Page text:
What Is An A1c Blood Test?
The Hba1c-Machine at Diabetes Education Network

The A1C test gives you the overall picture of your average blood glucose (blood sugar) control for the past 2 or 3 months. The results provide a good big picture view of how well your diabetes treatment plan is working and this is why the A1c test is important…

An A1c is a blood test that measures the average blood glucose/sugar over several months.

The American Diabetes Association recommends an A1c goal of <7.0%.  An A1c of <8.0% may be acceptable in some individuals with multiple medical complications, severe hypoglycemia, limited life expectancy, etc.

An A1c measurement should be obtained every three months for uncontrolled diabetes or with treatment changes. Measuring the A1c every six months may be acceptable for those with well-controlled Diabetes Mellitus.

An Hba1c can be undertaken at all laboratories here in the Bahamas, under your doctor’s orders. Sometimes it can take a days or even a week for the results to get back to your Physician.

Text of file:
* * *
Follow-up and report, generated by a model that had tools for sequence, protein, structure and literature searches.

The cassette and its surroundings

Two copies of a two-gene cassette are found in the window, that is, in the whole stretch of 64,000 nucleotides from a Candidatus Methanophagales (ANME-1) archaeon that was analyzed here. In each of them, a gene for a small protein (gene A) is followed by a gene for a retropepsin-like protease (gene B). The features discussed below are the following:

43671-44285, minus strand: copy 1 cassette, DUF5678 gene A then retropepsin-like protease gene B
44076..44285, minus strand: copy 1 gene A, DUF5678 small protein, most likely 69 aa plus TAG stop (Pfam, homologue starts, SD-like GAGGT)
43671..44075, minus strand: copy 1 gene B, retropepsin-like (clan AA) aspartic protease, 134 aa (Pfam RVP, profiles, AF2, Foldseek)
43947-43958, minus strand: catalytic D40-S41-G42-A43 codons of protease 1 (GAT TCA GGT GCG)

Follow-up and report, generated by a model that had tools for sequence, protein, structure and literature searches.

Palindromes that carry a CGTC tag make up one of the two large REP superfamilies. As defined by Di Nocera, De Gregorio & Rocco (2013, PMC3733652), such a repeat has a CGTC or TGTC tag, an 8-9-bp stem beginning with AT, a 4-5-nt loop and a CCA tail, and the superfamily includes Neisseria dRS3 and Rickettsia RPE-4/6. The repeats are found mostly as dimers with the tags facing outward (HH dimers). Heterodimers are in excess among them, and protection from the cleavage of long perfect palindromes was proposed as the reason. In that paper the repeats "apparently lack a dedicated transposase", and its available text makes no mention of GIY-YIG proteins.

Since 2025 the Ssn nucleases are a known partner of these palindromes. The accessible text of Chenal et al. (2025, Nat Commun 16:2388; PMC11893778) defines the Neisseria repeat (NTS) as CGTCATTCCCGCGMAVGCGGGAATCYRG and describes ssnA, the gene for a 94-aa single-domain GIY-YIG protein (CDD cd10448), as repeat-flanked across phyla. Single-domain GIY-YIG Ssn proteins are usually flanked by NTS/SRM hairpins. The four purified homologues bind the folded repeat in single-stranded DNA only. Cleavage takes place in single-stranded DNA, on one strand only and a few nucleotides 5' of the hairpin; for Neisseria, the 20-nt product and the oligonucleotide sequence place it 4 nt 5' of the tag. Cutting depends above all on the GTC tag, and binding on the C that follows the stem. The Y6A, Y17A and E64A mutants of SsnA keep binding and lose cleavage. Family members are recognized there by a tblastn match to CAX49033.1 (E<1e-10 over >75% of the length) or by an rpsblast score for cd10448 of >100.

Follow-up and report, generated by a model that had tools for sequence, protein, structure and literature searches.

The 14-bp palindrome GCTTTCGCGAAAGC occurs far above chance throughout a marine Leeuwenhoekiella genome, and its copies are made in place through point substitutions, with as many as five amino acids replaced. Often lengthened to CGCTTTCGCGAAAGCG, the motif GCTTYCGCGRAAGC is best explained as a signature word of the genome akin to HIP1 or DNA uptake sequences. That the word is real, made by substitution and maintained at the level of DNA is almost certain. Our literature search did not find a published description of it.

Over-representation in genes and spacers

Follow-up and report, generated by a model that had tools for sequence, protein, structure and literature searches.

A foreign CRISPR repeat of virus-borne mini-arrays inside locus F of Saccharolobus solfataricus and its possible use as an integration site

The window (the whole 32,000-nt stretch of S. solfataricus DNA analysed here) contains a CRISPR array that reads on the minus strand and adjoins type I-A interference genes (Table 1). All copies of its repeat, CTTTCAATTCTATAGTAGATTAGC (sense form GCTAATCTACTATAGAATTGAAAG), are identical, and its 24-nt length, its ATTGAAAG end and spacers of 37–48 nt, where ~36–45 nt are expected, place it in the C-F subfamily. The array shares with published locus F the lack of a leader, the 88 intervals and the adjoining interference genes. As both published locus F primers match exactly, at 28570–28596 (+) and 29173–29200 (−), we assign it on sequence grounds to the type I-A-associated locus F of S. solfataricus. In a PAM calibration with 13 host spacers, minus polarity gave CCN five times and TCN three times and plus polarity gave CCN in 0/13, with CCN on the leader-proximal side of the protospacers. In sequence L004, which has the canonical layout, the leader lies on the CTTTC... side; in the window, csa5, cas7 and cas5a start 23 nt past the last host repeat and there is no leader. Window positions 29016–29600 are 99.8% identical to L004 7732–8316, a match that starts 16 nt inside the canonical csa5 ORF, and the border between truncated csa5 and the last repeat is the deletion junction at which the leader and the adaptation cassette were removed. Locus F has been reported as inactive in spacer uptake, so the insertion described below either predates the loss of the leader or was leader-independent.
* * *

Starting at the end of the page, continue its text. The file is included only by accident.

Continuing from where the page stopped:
Here at The Diabetes Education Network we provide a full laboratory service. At your visit a small amount of blood is taken from your finger, just as you would check your blood glucose. We run the test in our laboratory and we get your Hba1c results in 6 minutes. Now that’s fast!

The immediate feedback means that you can work with your diabetes team to make any changes as soon as possible. Besides, we live in a fast paced world, don’t you want to know your results NOW!

Contact us now, if you have questions or would like to schedule a test.

Dr. Tanya Badamosi

Why is the A1C test important?

  •     Clinical studies show that A1C levels close to normal, lower the risk for complications and lower the cost of care in the long run
  •     A decrease of just one percentage point in A1C level can lower the risk for eye disease, kidney disease, nerve damage and heart disease by an average of over 50 percent
  •     The doctor uses the A1C level as a guide to adjust medications
  •     A high A1C means that a change must take place to reduce the risk for serious damage that may result from diabetes. The needed changes may be in lifestyle (diet, physical activity, weight, etc.), or in medications or both